Gig of the Week: Dermot Kennedy in Dublin

Dublin singer has taken the long road to becoming a world-famous performer

Dermot Kennedy

Dermot Kennedy

 

From underage open mic nights more than 10 years ago to selling out two shows next week at Dublin’s 3Arena, Dermot Kennedy is the antithesis of what some call an overnight sensation. Indeed, up to four years ago, the songwriter was barely on the radar.

Making a crust busking on the streets of Dublin, his first piece of luck – borne out of his own determination – was getting a nod of approval from Glen Hansard. The occasion was the annual all-star Christmas Eve busk-fest on Grafton Street, where the likes of Bono, Hozier, Hansard and a few other very well-known Irish singers banged out tunes to raise money for the homeless.

Several years ago, Kennedy, guitar in hand, sidled up to Hansard – something of a musical touchstone for him – stubbornly held his ground, and impressed him with a version of Bob Dylan’s You Ain’t Goin’ Nowhere. Nothing much happened for a while after that apart from more busking and forming a work-in-progress band, but Kennedy then split from the band to try a solo route.

Gradually, the songs filtered out, his previous studiously established singer-songwriter approaches altering as he developed interests in production techniques. Working with UK producer Carey Willetts (formerly of the band Athlete), acoustic songs were edged with electronics and hip-hop beats. Such treatments bounced his lyrics to front of house, fusing the generally serious nature of the words with an urban music aesthetic.

Unsentimental

Kennedy’s 2017 EP, Doves & Ravens, on which he took this musical approach further by working with Stephen Kozmeniuk and Charlie Hugall (producers for the likes of Florence + Machine, Nicki Minaj, Lykke Li, Dua Lipa, Madonna, and Kendrick Lamar), propelled songs such as Glory, Boston, and All My Friends. From there on in, you could sense that Kennedy would be leaving his busking days behind him.

The style was sincere and unsentimental (Bon Iver, David Gray) mixed with R&B sensibilities (Drake, Kanye West). Around the same timeframe, however, his songs landed on Spotify Discover Weekly. Cue multiple millions of streams, inevitable music industry interest, signing a major record deal, and – wisely – making sure that live gigs provided the one thing that streaming services couldn’t: the human touch. If the music slathered over the bones of Kennedy’s songs provides the head sways, then it is his emotionally driven lyrics – shaped from real life – that provide the empathetic sighs and communal singalongs, of which you don’t get many on Spotify.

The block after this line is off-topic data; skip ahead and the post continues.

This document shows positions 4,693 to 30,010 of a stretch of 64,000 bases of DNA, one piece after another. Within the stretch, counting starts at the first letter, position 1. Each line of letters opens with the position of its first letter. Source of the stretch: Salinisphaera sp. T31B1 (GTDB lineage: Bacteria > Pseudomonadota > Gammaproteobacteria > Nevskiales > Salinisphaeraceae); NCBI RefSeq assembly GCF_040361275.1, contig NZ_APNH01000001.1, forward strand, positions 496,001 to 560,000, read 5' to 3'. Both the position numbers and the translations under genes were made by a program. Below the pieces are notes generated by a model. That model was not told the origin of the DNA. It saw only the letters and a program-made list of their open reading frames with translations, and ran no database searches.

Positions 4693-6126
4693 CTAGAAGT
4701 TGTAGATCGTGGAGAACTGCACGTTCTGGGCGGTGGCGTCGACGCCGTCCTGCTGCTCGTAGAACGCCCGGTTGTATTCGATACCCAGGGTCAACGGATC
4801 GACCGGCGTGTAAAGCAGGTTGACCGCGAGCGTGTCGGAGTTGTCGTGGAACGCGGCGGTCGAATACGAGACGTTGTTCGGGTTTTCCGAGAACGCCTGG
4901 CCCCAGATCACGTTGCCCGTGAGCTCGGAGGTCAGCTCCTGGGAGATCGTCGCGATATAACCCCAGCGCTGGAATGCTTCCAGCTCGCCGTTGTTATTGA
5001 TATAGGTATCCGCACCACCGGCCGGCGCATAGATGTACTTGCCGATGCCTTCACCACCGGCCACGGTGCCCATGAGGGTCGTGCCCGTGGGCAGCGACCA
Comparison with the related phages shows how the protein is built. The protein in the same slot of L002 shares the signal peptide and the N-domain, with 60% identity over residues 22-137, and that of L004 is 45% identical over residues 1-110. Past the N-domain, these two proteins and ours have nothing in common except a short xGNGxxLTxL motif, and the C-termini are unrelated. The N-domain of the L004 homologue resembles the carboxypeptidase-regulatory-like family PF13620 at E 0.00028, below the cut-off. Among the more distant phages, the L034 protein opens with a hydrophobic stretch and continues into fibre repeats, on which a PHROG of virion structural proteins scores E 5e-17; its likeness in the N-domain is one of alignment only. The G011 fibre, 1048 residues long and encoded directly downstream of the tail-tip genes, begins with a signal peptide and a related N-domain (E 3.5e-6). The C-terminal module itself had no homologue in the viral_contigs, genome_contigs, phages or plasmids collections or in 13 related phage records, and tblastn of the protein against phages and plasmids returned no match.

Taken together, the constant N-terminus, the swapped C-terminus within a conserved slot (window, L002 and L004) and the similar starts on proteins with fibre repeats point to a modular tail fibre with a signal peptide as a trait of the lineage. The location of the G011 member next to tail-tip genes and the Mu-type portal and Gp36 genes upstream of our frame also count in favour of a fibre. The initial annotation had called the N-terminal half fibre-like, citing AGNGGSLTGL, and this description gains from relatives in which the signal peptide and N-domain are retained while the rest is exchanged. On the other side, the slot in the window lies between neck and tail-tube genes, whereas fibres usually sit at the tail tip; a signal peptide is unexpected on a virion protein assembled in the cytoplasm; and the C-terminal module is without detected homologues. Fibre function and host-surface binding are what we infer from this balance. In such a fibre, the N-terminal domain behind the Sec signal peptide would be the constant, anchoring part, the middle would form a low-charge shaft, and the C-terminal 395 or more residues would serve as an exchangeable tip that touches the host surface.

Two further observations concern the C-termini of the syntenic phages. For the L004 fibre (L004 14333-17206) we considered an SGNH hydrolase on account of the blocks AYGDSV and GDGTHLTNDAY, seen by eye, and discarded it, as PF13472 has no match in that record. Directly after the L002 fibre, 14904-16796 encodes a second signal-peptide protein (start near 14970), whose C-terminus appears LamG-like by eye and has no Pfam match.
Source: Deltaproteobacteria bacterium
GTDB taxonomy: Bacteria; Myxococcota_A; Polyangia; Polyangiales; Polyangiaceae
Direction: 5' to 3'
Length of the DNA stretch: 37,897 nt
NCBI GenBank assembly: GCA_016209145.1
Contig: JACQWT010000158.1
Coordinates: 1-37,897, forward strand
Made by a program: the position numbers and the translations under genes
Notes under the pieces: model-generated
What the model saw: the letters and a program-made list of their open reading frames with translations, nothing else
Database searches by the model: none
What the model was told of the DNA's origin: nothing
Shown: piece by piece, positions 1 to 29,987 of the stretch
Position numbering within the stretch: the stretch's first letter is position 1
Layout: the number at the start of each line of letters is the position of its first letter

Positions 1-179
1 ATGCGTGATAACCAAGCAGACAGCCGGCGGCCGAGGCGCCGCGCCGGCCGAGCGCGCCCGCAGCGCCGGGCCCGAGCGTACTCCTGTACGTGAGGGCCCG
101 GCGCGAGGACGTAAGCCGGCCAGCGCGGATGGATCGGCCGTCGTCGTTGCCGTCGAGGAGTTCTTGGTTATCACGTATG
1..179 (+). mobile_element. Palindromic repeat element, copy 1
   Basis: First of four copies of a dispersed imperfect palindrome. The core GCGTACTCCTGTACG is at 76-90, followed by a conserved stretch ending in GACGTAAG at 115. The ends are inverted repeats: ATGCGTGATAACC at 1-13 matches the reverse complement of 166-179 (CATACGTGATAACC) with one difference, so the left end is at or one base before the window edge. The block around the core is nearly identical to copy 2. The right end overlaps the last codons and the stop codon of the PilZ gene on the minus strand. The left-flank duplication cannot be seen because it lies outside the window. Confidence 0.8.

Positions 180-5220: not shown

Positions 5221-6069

Last year, Kennedy made the BBC’s Sound of 2019 longlist, but industry observers didn’t need signifiers such as these to tell them that the man was well on his way to becoming a major international pop star. The release over two months ago of his debut album, Without Fear, easily consolidated this. Topping the album charts in Ireland and the UK means little these days, but reaching the Top 20 in the US and Canada is a different story altogether. Bye-bye busking, hello big time. Speaking of which…

If you don’t have a ticket for these forthcoming 3Arena shows, then you can kiss farewell to getting a seat. And – unless Santa springs a pleasant surprise on you – if you don’t have tickets for Kennedy’s 2020 sold-out open-air shows at Malahide Castle, Dublin (June 26th) and Irish Independent Park, Cork (June 27th), then you can say goodbye to those, too.

Hold on, though – did we really say bye-bye busking? Yes, well, maybe… What’s the betting that Kennedy will now join the ranks of the famous musical chuggers in Grafton Street on Christmas Eve? You’d stake the house on that happening, wouldn’t you?

Dermot Kennedy plays 3Arena, Dublin, Sunday, December 22nd/Monday, December 23rd mcd.ie/artists/dermot-kennedy/

The Irish Times Logo
Commenting on The Irish Times has changed. To comment you must now be an Irish Times subscriber.
SUBSCRIBE
GO BACK
Error Image
The account details entered are not currently associated with an Irish Times subscription. Please subscribe to sign in to comment.
Comment Sign In

Forgot password?
The Irish Times Logo
Thank you
You should receive instructions for resetting your password. When you have reset your password, you can Sign In.
The Irish Times Logo
Please choose a screen name. This name will appear beside any comments you post. Your screen name should follow the standards set out in our community standards.
Screen Name Selection

Hello

Please choose a screen name. This name will appear beside any comments you post. Your screen name should follow the standards set out in our community standards.

The Irish Times Logo
Commenting on The Irish Times has changed. To comment you must now be an Irish Times subscriber.
SUBSCRIBE
Forgot Password
Please enter your email address so we can send you a link to reset your password.

Sign In

Your Comments
We reserve the right to remove any content at any time from this Community, including without limitation if it violates the Community Standards. We ask that you report content that you in good faith believe violates the above rules by clicking the Flag link next to the offending comment or by filling out this form. New comments are only accepted for 3 days from the date of publication.